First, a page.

Culture and Language Find Crossroads at ESL School

Often it’s the cultural nuances that make international students and businessmen uncomfortable when trying to adapt to this country – understanding the sport of American football; what the idiom “hold on” means; whether to shake hands or not, and other idiosyncrasies. As an immigrant herself, Julia Solomin understood that succeeding in the U.S. wasn’t a matter of just improving English language skills but also adapting to the western lifestyle. That’s why when Solomin founded an English as a Second Language School two years ago, she vowed that the school would be a safe haven, a go-to place for visiting foreigners or those already living in Boston. The International School of Advanced Learning (ISAL), a small, all women-owned business in Allston, includes team members who speak 10 languages, including Slavic, Germanic and Romance languages.Globe correspondent Cindy Atoji Keene spoke to Solomin about what it was like to launch an ESL school in this already-crowded industry.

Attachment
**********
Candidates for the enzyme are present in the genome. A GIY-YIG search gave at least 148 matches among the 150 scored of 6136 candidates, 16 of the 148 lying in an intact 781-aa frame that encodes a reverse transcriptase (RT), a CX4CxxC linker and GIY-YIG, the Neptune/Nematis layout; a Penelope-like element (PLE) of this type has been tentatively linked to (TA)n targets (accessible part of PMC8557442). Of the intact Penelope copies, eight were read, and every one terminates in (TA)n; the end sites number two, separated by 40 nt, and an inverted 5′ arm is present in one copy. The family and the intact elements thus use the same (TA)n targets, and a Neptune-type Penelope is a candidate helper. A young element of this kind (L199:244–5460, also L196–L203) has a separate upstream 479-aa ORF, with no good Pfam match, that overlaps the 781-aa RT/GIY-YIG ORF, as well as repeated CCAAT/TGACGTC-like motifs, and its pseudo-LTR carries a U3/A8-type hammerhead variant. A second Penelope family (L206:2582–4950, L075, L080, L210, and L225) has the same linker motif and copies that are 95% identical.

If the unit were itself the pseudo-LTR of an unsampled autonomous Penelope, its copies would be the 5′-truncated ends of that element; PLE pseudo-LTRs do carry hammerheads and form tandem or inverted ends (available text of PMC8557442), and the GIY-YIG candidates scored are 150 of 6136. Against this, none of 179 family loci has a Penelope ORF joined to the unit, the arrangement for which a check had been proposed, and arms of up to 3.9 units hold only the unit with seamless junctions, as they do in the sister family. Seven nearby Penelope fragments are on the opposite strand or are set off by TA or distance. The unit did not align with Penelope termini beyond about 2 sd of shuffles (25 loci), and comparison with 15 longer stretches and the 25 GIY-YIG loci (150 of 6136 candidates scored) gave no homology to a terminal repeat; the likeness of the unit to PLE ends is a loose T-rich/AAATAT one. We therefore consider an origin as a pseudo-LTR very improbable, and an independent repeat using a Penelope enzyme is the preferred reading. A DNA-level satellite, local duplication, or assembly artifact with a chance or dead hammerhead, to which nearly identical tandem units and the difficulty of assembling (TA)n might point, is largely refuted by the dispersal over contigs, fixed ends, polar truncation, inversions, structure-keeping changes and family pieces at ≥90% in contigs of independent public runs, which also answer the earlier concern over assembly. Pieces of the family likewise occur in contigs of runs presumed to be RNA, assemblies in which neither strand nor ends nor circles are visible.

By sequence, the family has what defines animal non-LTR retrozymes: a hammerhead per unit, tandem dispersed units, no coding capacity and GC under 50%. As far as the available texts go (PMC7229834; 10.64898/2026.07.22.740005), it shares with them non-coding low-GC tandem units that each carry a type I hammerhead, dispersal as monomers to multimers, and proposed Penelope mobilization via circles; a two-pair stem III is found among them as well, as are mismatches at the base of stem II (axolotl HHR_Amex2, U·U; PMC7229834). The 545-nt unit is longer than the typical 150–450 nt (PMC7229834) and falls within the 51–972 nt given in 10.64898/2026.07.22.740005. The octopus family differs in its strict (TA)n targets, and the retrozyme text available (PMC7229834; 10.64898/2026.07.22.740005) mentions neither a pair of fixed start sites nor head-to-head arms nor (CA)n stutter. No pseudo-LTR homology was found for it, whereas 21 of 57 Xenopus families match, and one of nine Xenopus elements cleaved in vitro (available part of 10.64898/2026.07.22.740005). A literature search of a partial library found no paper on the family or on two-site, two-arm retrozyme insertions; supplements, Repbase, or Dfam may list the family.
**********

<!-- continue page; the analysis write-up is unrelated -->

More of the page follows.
“ISAL started as just another English as a Second Language school – of which there are dozens – but my partners and I quickly found there was a need far beyond just teaching English to immigrant workers and students. Because I originally came from Russia a few decades ago, I will give you the example of what corporate life in the U.S. looks like through the prism of these foreign workers. Many female office workers in Russia dress in spike heels and miniskirts and don’t understand why that’s not acceptable here. Other incidents occur in conversing around the water cooler – many newcomers don’t know how to make small talk and even get confused about why Americans talk so much about trivial things like the weather. These are the kind of things our classes deal with, beyond just teaching English. We also observed that while many of our high-tech and biotech companies have many foreign workers, they need encouragement to integrate – the Asians tend to commune with the Asians; the Middle Easterners with the Middle Easterners, the Europeans with the Europeans, and so on. There’s a realization that there’s benefit in greater cultural communion, at least during working hours, and that’s what our school helps focus on. We want to provide not just the language education but a bridge for foreigners. Right now we have students from Brazil, Spain, Dominican Republic, Puerto Rico, Ukraine, Liberia, and Kazakhstan; some of them say, ‘I need to pass the TOEFL in one month – the standardized test of English language proficiency –but clearly are not ready to do so. We tell them straight out that we can’t perform miracles; you can’t wake up suddenly in the morning speaking English. For true adaptation to the U.S., everything has to work together, grammar, conversation, and cultural adaptation. I came to this country when I was 16, and felt like I was in a bubble, watching people open their mouth and not understanding a single word. So I understand how difficult it is to adjust to a new place. One of our students got lost recently and called a friend who asked her, ‘What is the name of the street are you on? Read me the sign.’ She replied, ‘One Way.’ This might sound funny, but really when you start to learn any language, you have to build a very strong foundation of grammar first, start to build sentences then learn how it is used by communicating with native speakers, whether it’s at a store, school, work, or just on the streets. Yes, we are teaching language but we are also teaching about the culture. The two are inseparable. That is our philosophy.”


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